The Prime Minister of the United Kingdom was questioned on his commitment to LGBT Nigerians around the world.
In a special edition of BBC’s World Have Your Say program, David Cameron answered direct questions from viewers, where he was put to task about Britain’s response to Nigeria’s Jail All The Gays Bill.
The politician was also asked about the validity of the G8 summit, next week’s upcoming forum where the world’s eight wealthiest countries will discuss global issues.
Bisi, a Nigerian who lives in London and who has written his response to Nigeria’s Jail The Gays Bill exclusively for GSN, sent a video to Cameron asking how Britain will protect LGBT people in Nigeria: ‘In view of the anti-same sex law passed in Nigeria by the Upper and Lower House, what would be Britain’s response in protecting over 17 million LGBT people in Nigeria whose life this bill sets to criminalize?’
Cameron responded: ‘In Britain, we have a very good record of equal rights for lesbian and gay people, and we believe that that’s right for every country in the world. We think the matter of your sexuality isn’t something that should disadvantage you, just like your religion, or your race.’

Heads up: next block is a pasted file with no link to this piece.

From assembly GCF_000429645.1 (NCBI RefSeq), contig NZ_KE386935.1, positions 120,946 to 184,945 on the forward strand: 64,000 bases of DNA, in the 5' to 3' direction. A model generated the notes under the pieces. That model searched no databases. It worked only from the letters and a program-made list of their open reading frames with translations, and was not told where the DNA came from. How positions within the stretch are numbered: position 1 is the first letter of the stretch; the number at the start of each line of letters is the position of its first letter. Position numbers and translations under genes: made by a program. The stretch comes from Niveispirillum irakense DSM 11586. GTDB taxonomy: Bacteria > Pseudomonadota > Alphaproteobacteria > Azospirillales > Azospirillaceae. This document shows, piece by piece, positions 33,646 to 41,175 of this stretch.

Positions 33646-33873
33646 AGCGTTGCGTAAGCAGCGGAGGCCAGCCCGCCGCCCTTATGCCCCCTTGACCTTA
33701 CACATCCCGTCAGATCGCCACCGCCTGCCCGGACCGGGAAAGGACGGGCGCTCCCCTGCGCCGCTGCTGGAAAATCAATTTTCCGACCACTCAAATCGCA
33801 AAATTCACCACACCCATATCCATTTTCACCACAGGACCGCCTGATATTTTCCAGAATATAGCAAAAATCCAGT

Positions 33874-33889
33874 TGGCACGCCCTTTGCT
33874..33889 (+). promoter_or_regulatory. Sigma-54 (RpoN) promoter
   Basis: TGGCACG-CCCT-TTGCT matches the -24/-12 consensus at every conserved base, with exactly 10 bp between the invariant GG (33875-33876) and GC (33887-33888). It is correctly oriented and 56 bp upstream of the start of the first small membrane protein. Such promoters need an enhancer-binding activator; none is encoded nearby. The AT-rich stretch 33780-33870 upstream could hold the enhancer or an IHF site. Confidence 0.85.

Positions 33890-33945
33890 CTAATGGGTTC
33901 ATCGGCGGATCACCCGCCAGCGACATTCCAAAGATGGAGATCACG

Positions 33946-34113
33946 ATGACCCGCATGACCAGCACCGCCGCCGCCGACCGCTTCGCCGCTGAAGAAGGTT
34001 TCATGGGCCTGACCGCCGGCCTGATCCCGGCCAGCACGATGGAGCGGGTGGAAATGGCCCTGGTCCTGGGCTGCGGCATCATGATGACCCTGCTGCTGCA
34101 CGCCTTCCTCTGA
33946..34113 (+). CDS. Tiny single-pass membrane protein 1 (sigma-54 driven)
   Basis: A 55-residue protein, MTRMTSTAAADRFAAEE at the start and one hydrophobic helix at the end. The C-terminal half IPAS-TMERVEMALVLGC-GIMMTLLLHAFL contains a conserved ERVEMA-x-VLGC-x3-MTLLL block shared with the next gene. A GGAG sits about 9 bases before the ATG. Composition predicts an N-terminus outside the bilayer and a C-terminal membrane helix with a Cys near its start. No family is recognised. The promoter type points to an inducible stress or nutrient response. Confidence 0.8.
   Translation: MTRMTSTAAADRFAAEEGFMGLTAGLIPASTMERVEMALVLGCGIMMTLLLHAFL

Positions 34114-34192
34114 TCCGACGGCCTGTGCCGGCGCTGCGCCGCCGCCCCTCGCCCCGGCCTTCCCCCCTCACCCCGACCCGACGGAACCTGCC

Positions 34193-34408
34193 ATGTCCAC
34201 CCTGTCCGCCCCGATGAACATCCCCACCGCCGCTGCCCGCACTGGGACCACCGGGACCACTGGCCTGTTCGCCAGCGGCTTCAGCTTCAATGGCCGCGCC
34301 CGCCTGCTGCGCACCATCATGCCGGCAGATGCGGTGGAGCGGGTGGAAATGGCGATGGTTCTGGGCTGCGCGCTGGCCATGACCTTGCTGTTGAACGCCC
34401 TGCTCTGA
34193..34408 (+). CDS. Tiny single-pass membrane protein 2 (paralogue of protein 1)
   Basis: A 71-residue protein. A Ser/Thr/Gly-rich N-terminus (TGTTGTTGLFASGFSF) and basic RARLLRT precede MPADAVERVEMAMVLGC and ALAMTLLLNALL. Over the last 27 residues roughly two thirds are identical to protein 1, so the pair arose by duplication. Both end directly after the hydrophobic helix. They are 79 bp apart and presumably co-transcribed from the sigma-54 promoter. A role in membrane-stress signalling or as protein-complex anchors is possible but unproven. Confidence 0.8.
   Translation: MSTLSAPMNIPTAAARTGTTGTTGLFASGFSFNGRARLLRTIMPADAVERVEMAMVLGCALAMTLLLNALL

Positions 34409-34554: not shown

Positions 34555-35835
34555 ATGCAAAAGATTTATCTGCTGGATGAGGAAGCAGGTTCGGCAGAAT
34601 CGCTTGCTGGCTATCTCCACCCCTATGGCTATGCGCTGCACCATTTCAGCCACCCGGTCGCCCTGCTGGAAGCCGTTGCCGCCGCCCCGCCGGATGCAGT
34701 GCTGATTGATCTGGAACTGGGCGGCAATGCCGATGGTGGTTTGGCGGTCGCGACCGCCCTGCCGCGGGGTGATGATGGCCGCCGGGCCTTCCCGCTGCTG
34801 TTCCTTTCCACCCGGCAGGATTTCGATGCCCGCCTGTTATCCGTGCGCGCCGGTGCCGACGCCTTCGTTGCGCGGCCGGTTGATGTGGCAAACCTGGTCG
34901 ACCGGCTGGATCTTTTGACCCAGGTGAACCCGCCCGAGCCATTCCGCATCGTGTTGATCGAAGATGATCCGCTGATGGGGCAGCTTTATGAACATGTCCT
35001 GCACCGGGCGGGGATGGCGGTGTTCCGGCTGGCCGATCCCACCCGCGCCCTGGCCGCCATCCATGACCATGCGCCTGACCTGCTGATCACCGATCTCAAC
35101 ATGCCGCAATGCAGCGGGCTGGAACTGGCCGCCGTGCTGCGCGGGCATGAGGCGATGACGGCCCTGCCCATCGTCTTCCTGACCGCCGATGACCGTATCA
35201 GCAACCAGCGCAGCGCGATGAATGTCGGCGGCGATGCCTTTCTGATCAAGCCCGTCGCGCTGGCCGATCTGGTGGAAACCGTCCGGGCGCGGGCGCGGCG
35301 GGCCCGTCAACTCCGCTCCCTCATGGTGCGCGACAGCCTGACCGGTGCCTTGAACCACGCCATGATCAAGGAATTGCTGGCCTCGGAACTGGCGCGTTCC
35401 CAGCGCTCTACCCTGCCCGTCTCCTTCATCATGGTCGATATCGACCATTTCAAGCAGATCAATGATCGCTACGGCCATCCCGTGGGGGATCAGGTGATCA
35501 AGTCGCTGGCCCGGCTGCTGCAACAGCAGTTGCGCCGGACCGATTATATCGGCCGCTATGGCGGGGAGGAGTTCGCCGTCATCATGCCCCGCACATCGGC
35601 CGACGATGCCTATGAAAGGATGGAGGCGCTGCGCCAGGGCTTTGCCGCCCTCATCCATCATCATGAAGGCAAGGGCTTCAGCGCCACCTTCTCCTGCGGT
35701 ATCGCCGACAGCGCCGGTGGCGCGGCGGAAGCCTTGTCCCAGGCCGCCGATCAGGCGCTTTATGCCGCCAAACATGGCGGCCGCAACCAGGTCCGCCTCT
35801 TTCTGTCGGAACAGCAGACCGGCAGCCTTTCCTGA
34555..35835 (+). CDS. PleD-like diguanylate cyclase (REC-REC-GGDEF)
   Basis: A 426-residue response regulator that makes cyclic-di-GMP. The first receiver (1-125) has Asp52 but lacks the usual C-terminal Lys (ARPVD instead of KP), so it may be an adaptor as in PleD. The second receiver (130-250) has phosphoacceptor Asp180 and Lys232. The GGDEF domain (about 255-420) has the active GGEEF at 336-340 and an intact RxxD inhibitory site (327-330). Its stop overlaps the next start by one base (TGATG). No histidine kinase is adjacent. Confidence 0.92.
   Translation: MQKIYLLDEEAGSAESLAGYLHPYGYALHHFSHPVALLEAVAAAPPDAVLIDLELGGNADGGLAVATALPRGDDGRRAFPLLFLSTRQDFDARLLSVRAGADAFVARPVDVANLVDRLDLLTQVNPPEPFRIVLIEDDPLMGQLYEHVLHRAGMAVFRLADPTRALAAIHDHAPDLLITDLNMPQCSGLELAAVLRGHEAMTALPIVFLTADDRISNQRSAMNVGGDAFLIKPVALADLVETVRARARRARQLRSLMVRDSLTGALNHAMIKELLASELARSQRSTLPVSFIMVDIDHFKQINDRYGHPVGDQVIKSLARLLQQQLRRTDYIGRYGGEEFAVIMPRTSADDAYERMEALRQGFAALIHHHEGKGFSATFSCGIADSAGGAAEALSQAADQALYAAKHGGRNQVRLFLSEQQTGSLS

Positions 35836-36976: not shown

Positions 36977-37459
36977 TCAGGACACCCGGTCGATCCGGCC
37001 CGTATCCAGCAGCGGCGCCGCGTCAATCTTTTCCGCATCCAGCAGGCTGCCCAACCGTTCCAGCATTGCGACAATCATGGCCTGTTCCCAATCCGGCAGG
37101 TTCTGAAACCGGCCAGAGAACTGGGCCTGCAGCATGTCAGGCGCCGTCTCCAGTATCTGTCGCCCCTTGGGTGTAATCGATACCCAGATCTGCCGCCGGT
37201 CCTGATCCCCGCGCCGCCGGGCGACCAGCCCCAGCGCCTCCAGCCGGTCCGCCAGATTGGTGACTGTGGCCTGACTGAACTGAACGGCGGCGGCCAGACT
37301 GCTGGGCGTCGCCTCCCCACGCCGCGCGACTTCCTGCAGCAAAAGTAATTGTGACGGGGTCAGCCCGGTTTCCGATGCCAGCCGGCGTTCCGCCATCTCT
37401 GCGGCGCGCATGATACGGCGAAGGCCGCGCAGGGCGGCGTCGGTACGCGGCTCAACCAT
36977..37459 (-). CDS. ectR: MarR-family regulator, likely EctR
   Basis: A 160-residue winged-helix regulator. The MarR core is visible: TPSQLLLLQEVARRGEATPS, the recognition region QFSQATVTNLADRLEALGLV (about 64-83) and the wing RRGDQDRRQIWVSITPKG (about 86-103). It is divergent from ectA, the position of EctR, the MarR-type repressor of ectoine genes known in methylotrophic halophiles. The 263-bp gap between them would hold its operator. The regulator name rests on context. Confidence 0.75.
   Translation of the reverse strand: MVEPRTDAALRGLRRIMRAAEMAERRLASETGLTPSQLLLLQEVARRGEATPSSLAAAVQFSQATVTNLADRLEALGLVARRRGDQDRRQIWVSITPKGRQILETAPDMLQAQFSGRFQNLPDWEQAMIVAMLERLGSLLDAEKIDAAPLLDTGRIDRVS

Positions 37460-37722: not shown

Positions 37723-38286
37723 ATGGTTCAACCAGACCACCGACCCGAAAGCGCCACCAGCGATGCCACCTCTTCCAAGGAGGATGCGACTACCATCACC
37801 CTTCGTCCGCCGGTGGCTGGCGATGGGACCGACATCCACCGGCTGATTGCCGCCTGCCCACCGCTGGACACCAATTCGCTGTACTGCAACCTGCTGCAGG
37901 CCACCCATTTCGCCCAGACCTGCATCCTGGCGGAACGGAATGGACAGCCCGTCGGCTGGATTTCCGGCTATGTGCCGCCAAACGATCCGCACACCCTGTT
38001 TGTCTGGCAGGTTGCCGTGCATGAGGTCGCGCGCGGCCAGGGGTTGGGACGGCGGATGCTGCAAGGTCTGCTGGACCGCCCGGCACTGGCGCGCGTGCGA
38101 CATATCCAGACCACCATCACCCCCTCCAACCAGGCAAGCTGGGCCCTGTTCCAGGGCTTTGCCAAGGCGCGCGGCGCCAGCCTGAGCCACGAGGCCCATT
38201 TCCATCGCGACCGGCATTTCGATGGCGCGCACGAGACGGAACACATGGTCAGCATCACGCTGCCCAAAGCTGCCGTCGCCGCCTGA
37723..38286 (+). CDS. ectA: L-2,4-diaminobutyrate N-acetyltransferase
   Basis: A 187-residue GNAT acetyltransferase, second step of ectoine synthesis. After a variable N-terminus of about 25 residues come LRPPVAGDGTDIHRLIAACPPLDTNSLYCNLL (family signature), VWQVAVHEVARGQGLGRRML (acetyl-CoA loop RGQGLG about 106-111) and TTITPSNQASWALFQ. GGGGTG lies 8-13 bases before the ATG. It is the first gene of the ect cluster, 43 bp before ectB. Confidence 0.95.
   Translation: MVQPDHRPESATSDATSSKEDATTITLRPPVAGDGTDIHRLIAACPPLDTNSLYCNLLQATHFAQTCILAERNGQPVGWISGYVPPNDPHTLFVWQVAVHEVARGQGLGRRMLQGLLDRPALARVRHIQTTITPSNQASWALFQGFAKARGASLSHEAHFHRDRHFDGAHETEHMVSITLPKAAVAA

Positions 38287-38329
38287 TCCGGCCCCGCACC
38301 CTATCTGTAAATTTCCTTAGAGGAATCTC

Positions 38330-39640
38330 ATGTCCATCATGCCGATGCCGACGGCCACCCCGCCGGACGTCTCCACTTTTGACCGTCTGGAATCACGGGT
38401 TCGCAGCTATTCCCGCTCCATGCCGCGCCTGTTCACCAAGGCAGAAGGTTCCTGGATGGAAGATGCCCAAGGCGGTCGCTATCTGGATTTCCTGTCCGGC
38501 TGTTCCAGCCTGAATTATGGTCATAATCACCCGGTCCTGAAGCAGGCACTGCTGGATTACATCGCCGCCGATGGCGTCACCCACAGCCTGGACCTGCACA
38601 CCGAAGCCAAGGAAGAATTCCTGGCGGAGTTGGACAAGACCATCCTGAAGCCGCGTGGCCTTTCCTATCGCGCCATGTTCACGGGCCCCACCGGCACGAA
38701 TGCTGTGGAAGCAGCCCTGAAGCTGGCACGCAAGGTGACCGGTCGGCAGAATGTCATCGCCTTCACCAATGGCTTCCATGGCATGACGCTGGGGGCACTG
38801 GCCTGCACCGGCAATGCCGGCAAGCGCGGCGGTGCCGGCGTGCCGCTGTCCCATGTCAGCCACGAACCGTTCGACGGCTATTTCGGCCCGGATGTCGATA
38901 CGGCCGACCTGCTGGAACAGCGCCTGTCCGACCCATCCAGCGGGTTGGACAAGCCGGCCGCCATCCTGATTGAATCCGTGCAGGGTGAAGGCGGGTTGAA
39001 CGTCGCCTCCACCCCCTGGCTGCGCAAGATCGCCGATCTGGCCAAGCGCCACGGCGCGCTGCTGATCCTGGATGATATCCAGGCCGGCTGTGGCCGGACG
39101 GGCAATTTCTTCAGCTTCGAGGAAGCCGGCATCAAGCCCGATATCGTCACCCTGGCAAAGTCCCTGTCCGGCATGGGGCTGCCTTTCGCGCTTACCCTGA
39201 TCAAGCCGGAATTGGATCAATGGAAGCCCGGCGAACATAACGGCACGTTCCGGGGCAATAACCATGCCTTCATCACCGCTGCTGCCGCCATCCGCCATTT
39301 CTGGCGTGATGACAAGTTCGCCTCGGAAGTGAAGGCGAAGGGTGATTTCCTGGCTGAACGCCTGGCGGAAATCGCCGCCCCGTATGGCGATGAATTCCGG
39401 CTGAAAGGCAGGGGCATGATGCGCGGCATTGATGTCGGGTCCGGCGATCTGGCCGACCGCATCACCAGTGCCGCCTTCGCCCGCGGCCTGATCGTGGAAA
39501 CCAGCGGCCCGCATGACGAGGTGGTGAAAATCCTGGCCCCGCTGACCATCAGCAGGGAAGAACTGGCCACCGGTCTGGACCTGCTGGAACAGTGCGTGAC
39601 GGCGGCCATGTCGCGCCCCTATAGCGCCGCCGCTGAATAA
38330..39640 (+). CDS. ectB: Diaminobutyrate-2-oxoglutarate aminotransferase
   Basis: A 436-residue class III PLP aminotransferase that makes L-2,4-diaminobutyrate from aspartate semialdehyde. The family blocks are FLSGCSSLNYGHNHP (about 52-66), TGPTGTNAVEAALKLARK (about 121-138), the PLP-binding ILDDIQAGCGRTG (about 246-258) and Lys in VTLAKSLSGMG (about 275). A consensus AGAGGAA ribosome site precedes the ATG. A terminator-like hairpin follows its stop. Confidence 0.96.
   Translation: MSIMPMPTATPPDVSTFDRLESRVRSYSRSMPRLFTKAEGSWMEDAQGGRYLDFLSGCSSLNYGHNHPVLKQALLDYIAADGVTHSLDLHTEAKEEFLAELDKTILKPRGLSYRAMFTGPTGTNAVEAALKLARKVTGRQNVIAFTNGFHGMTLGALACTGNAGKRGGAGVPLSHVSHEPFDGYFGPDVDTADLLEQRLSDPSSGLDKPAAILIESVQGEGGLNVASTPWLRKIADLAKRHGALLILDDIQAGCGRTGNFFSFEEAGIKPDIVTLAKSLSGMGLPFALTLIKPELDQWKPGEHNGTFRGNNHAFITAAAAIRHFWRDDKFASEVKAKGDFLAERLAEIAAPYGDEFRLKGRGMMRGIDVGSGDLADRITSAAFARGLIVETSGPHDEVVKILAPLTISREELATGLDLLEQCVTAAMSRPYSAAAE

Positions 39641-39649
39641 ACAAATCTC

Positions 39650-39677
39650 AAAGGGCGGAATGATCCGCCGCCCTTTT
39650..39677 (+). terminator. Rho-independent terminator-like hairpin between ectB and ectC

The Prime Minister was the prompted along by the show’s host, Ros Atkins, who interjected: ‘But we’re in a situation where the Nigerian government has just passed a law banning public displays of affection.’
Cameron replied: ‘This is also the case in other African countries. I think, again, with countries like Nigeria where we have a very good relationship, a very strong relationship, nothing should be off the table. So when we meet with Nigerian politicians and leaders, we should be very clear about the things we agree on and the things we don’t agree on.
Atkins again interrupted the prime minister saying that aid to Nigeria is going up about 50% despite the fact that Cameron aid would be docked if anti-gay laws weren’t reformed.
‘We’ll have to have some conversations with them then,’ said Cameron.
‘As I said, nothing’s off the table. However, we also have some very important objectives with Nigeria, for instance, dealing with the appalling rates of poverty in the North of Nigeria, which are part of a problem that affects not just Nigeria, but the rest of the world.
‘My view, very strongly, is that we should have proper equality for lesbians and gays, and that should be the same all over the world.’